A hugely influential American photographer and film maker, Paul Strand, will be featured in a major retrospective at the Victoria and Albert Museum, London, as the first exhibition in the UK since his death. Photography and Film for the 20th Century highlights the artist’s colossal career whose images have defined the way fine art and documentary photography is understood and practiced today. The exhibition will present around 200 objects spanning Strand’s entire career, including his breakthrough trials in abstraction and candid street portraits, and extended explorations of the American Southwest. We catch up with Martin Barnes, the Senior Curator of Photographs at the V&A to discuss the impact of the work that resonates today.
A: This is the first UK exhibition of Strand’s work since his death. Why now?
MB: There has not been a show of this scale in the UK on Paul Strand in over 40 years and it’s about time that his work was reassessed and brought to the attention of a new generation. He was one of the 20th century’s greatest photographers. It’s always worth looking back at the greats to inform what is being done in the field today.
A:What do you think has been Strand’s biggest impact on the world of photography?
MB: Strand is an important figure in the history of photography, not only because his career spanned much of the last century, but because he relentlessly trialled and pioneered myriad photographic approaches, subjects and technologies. His drive for seeing what he and the camera could do was unrivalled; pictures that he made have established their own genres. All kinds of photographers have been following in his footsteps for years, sometimes without knowing it.
A: How have you treated the (often intensely) political dimension of Strand’s art in this exhibition?
MB: For the exhibition we have taken a chronological and geographical rather than thematic approach, so that visitors can see the development of Strand’s photography over time. In his photographs, political statements are inferred through subtle nuances, rather than illustrated explicitly. His films such as The Wave and Native Land, with extracts shown in the exhibition, are more politically explicit, and are often to do with workers’ rights, social justice and democracy. He was committed to Marxist ideals and his most politically-charged photographs can be found from 1950 onwards, when he fled McCarthyism in the U.S. Following this he travelled to remote areas in Italy and Scotland to document people and places on the cusp social change for a series of photobooks. He photographed in places with socialist governments, like Ghana, or Romania under Communist rule. Sometimes it is a case of what is missing in his photographs that carries the most potent political message, for example, the absent Italian father in The Family, Luzzara, killed by Fascists for his communist beliefs years before.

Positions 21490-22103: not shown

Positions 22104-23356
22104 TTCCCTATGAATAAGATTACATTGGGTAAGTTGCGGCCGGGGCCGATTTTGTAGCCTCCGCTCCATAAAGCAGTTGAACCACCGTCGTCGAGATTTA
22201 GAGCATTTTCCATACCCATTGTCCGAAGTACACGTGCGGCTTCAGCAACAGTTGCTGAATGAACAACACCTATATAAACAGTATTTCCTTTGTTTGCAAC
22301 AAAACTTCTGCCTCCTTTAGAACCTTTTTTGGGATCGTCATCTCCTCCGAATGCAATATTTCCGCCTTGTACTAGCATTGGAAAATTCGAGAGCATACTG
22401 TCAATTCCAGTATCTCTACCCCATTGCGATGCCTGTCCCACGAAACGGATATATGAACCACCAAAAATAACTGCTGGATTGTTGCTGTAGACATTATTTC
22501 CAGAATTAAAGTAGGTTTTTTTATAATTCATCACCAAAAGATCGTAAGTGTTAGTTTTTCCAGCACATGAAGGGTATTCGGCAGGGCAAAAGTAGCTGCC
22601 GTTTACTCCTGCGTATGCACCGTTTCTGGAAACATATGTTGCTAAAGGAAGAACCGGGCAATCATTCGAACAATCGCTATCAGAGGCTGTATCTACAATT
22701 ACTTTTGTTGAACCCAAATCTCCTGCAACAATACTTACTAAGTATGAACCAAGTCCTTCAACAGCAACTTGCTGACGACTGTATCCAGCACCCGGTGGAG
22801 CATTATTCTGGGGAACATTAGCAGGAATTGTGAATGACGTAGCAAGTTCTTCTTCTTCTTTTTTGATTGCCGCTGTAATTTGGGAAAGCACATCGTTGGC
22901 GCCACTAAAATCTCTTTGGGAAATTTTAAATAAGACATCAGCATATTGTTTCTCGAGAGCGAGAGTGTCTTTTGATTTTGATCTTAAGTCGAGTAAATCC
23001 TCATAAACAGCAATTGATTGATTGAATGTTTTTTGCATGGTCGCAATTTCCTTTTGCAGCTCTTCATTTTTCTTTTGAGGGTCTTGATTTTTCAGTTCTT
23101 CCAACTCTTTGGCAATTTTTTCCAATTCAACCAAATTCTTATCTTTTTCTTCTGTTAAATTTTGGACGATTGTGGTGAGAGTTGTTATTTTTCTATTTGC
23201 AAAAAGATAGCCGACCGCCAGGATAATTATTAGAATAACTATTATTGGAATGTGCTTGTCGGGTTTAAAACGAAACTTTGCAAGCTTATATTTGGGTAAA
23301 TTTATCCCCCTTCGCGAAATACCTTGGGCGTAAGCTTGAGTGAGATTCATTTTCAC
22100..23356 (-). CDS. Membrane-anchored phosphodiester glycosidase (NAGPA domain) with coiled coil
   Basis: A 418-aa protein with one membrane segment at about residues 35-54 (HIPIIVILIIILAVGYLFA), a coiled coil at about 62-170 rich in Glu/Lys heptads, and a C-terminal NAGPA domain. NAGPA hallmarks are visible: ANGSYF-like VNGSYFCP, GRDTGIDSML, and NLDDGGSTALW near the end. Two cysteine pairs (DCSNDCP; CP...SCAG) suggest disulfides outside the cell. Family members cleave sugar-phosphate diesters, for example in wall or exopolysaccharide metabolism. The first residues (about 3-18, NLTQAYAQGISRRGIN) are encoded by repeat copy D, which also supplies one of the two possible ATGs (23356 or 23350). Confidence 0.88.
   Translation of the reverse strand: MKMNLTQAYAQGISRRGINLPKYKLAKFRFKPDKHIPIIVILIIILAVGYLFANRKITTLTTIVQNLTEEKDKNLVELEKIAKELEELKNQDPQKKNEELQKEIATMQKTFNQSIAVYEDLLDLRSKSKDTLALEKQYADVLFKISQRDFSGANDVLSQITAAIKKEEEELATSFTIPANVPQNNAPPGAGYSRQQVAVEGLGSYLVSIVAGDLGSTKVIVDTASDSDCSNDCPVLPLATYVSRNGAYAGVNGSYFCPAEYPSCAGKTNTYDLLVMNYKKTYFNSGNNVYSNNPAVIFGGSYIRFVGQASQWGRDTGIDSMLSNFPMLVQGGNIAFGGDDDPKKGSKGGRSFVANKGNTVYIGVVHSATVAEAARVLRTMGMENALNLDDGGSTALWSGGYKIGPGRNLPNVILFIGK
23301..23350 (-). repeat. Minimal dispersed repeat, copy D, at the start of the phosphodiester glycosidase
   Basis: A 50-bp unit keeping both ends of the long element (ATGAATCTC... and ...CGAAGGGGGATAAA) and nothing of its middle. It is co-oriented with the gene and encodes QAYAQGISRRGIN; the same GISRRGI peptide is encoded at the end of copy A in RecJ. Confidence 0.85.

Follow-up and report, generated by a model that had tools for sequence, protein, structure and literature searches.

A:Would you say that Strand’s international perspective has a significant effect on the nature of his work?
MB: Strand travelled widely throughout the US, Europe and Africa during his career, balancing the art of photography with the life story of his subjects. A common thread throughout his work is the portrayal of the common links in humanity across different countries and cultures. He was very open-minded and hugely democratic in the way he looked at diverse geographic regions and communities throughout his work.
A: How could one compare his images and films from America to those he made in Europe and elsewhere?
MB: The main difference between the artist’s earlier works made in America and his later works made in Europe and Africa, is his embrace of the photobook format from 1950 onwards. Rather than the bold, instantaneous impact of his early experiments with photography, his later works are to be read in series form and have a filmic quality about them. He made his first venture into the new medium Time in New England (1950), before he left the US, but it wasn’t until he visited the small Italian village of Luzzara in 1953 to photograph for the book Un Paese (‘a village’) or when he made his 1954 trip to the Scottish Hebrides that he really got into his stride with the format.
1. Images from Paul Strand, Photography and Film for the 20th Century. Courtesy of the Victoria and Albert Museum, London.